Slow progress, persisting challenges: 30-years since ACERWC, Africa still forging ahead to become a continent fit for children

Addis Ababa, 1 December 2020. Thirty years since the adoption of the African Charter on the Rights and Welfare of the Child (ARCWC), various measures have been put in place by African governments to advance children’s rights and wellbeing. However, the pace is very slow and the challenges persist.

This year, as Africa celebrates this momentous occasion of three decades of children’s rights in Africa, ACPF is launching its report assessing the status of child rights in Africa, 30 years since the adoption of the African Charter on the Rights and Welfare of the Child. The report, entitled Africas 30-year Journey with the African Children’s Charter: Taking Stock, Rekindling Commitment, aims to rekindle regional and national commitment to child rights and wellbeing in Africa.

The Charter has triggered a series of advances in continental efforts, national laws and policies, and has generally catalysed a shift towards a culture in which children have become visible in the human rights, political and development discourses across the entire continent. The African Committee of Experts on the Rights and Welfare of the Child (ACERWC), in executing its monitoring and implementation mandate, has become a positive force in driving the implementation of child rights in Africa.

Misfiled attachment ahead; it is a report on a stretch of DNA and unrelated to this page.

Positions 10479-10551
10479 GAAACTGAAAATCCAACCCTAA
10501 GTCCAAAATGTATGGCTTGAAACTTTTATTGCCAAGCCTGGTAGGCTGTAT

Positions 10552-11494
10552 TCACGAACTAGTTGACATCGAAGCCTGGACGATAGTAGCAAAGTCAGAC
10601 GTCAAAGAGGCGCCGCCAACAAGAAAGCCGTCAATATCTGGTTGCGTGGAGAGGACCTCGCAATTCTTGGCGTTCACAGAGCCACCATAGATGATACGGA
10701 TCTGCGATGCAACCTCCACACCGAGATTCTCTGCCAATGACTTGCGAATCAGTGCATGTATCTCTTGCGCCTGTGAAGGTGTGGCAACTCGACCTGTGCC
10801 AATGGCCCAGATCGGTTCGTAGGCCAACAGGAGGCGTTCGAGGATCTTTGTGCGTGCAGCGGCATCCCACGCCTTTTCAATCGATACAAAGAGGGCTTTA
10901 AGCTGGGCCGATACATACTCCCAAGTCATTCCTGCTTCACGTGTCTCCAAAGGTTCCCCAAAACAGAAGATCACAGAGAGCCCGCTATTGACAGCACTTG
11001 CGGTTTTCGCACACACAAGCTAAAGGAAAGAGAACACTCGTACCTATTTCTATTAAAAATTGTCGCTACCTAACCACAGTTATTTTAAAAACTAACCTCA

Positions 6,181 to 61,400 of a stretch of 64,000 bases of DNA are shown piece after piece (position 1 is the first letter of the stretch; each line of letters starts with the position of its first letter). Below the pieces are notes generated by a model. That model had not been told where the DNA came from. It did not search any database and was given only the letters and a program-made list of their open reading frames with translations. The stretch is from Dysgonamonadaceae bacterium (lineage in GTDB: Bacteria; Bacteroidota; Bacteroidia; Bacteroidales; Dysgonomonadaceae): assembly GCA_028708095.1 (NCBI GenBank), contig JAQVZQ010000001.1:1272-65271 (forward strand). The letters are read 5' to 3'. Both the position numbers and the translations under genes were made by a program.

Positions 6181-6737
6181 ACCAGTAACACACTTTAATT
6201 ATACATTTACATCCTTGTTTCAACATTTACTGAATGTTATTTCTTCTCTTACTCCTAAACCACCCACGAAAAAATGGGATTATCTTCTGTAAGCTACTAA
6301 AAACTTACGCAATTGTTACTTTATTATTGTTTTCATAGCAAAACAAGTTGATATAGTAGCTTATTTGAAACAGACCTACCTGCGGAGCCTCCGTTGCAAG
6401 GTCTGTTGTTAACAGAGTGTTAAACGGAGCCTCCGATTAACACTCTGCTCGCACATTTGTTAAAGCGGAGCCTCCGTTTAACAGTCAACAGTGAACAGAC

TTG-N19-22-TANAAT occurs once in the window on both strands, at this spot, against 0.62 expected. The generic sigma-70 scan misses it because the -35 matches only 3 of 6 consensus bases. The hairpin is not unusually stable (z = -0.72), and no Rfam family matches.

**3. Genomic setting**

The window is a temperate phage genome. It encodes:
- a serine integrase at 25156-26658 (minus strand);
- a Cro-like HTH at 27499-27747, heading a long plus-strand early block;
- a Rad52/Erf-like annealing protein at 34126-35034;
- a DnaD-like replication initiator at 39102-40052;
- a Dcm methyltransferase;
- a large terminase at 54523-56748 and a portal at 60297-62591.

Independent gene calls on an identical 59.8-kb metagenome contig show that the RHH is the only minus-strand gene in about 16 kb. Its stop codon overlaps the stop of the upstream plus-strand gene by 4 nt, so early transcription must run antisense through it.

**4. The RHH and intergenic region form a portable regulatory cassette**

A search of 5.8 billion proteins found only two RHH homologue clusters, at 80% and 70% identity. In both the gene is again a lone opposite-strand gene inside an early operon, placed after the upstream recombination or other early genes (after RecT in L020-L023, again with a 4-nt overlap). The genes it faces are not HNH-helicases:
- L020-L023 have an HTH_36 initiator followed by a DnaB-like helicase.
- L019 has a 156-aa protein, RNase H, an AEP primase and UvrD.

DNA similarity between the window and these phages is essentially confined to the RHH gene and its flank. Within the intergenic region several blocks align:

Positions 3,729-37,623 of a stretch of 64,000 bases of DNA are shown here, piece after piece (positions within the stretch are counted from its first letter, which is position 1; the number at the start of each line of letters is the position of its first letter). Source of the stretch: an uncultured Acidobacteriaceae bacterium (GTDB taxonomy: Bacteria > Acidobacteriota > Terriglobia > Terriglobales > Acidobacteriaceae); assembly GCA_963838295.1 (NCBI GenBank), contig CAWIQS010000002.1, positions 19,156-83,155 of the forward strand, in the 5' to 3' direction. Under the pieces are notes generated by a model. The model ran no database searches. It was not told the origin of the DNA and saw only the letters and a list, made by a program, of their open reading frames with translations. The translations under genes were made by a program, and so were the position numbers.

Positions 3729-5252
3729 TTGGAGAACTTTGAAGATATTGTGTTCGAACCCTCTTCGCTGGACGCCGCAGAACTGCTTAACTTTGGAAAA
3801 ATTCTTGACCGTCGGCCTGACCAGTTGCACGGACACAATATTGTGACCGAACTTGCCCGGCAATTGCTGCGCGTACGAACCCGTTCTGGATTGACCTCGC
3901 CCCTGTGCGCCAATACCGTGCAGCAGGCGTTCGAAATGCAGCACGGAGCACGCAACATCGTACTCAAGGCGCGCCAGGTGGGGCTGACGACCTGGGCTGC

Africa’s journey in child rights implementation has not been without its ups and downs”, said Dr Joan Nyanyuki, Executive Director of ACPF. “As the continent has made efforts to combat violence against children, child marriage and female genital mutilation (FGM), at the same time, it has seen a sharp increase in sexual violence and exploitation and emerging new forms of violence in the poorly regulated online space, travel and tourism sectors. While infant mortality has shown a decline unparalleled by any other region, and primary school enrolment a significant increase, access to early childhood and secondary education has remained low. Africa has sufficient reasons to celebrate its success stories but has little room for complacency.”

African Governments should reflect on the experiences of countries that have consistently remained child-friendly.  These experiences include sustained efforts in the legal, budgetary and political realms, through accelerating legal reforms and enforcement; and substantial increases in national budgets for programmes benefiting children, particularly those addressing inequality.

ACPF’s report calls on all – specifically African Governments – to redouble efforts and move forward with ever greater commitment.  As the African Committee of Experts on the Rights and Welfare of the Child observed, “as the Charter turns 30 years old, the continent has changed in many ways but still remains with age old problems and emerging challenges that hinder the full realisation of the rights and welfare of the Child.”


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